Opinions about branding by Dr. Dannielle Blumenthal

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Saturday, May 16, 2015

Why The Floss Is More Important Than The Toothbrush

"Mrs. Blumenthal, it's been awhile since we've seen you," the dentist said. 
I shifted uncomfortably in the comfortable leather seat.
"Uh, you've never seen me."
Come again?
"You've seen Mr. Blumenthal," I said. "You've seen my kids. You've never seen me."
"Oh."
The dentist consulted his chart.
"You're right, Mrs. Blumenthal. We've never seen you."
I cringed. Here it comes.
"Why not? When was the last time you had a cleaning?"
"Uh."
Here comes the confession. Boom!
"I - I think it was - maybe a year ago?"
("You haven't been to the dentist in a year and a half!" my husband said later that evening. "And now it's going to cost us two thousand dollars!")
"Well why haven't you been?" asked the dentist.
He sounded genuinely puzzled.
"Ah - ah - more water, please." I rinsed and spat, embarrassed and buying time.
"I was thinking that if I stayed away from the dentist, then I wouldn't have a cavity."
Had I been able to, I'd have hung my face in shame. 
"Let me guess, you don't floss either," the dentist said.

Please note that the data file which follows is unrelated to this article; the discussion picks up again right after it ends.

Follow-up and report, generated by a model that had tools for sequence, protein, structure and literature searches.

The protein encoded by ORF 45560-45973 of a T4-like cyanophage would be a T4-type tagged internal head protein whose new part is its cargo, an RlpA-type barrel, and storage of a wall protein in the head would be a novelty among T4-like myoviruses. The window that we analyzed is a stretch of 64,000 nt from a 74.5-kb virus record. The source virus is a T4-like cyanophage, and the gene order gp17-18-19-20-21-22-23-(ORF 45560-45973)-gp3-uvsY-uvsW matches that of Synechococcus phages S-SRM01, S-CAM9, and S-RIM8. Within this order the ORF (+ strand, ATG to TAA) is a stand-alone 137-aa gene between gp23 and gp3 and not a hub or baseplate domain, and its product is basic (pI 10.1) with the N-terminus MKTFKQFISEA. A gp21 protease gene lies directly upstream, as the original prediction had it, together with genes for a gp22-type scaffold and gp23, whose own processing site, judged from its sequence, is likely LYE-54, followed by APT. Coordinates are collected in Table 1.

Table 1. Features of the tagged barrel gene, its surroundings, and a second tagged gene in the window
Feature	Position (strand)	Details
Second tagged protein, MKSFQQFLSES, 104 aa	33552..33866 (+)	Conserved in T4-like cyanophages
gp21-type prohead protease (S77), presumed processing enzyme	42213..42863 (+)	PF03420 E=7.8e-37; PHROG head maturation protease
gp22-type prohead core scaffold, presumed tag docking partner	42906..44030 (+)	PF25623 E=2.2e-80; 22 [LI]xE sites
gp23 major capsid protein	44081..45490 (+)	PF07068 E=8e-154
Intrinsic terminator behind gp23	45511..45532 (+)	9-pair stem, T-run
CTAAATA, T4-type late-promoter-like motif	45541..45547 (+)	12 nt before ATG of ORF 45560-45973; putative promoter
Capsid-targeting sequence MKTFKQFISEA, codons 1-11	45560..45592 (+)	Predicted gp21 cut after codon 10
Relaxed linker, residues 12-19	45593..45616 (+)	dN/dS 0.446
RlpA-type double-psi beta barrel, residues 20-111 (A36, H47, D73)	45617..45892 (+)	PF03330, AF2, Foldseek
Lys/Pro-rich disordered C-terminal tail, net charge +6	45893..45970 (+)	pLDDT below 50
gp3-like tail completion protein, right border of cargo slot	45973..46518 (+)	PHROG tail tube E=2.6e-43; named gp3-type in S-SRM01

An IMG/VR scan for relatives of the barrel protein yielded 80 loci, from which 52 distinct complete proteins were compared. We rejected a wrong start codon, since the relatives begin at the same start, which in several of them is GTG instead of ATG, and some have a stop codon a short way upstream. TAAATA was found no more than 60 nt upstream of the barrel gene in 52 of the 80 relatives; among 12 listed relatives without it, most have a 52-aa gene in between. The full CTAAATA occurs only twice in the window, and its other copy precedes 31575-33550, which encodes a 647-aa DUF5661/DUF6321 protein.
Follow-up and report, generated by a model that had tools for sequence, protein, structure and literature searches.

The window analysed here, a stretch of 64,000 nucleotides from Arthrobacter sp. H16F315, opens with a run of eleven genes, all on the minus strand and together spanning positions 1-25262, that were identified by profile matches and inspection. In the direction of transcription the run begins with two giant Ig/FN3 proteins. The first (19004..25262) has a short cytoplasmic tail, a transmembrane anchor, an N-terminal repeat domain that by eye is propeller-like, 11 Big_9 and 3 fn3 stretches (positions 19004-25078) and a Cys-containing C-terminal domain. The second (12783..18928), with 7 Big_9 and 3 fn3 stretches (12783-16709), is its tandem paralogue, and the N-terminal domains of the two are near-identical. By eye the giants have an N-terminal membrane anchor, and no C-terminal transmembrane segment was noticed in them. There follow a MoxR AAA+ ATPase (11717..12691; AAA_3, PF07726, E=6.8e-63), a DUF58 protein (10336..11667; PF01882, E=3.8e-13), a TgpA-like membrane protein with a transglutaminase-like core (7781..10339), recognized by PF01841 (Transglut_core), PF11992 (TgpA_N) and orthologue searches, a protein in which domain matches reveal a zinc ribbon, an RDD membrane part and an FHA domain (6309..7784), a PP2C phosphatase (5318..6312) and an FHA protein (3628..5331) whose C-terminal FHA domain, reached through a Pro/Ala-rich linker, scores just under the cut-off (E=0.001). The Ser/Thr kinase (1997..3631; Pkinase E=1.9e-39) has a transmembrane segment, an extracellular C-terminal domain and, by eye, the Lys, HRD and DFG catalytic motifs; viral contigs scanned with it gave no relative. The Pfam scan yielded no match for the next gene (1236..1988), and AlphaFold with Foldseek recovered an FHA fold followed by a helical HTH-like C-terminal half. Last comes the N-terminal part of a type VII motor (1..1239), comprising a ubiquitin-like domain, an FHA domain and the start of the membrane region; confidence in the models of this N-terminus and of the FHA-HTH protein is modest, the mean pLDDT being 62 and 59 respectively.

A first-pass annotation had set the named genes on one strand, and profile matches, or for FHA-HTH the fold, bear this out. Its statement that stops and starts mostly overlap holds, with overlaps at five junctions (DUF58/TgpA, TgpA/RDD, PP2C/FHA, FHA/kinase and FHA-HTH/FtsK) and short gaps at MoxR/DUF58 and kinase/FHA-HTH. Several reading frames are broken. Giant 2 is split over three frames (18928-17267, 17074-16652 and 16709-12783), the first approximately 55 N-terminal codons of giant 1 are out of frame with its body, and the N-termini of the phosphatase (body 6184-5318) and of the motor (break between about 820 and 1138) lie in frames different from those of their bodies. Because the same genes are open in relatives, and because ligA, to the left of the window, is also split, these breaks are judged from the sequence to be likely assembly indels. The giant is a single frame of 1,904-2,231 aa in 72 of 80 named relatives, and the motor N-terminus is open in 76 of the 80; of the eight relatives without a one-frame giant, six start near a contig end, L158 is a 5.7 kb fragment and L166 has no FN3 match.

Silence in the small exam room. Complete silence.
"Get me the anesthesia," the dentist said. "She's gonna need a double."
* * * 
I've known for years that I need to floss. But frankly it's inconvenient, a little time-consuming, and there's always the bad taste of blood at the end of it.
I don't like the reminder of decay, of death. Of the fact that the graveyard is inevitable.
So instead I brushed my teeth, faithfully.
The toothpaste smells good. The scrubbing-things-clean feels reassuring. And it's the very last thing I do before leaving home in the morning, so it makes me feel accomplished and complete.
* * * 
All of this points to the #1 fallacy of our collective thinking. A fallacy that costs us not just money, but misery and even lives.
We get all excited about launching things, a.k.a. "new beginnings." We love to architect, design, tinker. What could be sexier than a year of not shaving, not eating, working round the clock in the garage?
We get our knickers in a twist about the finish line, too. We plan the kickoff, the launch party, the ribbon-cutting, the ceremony: We love to "close the deal."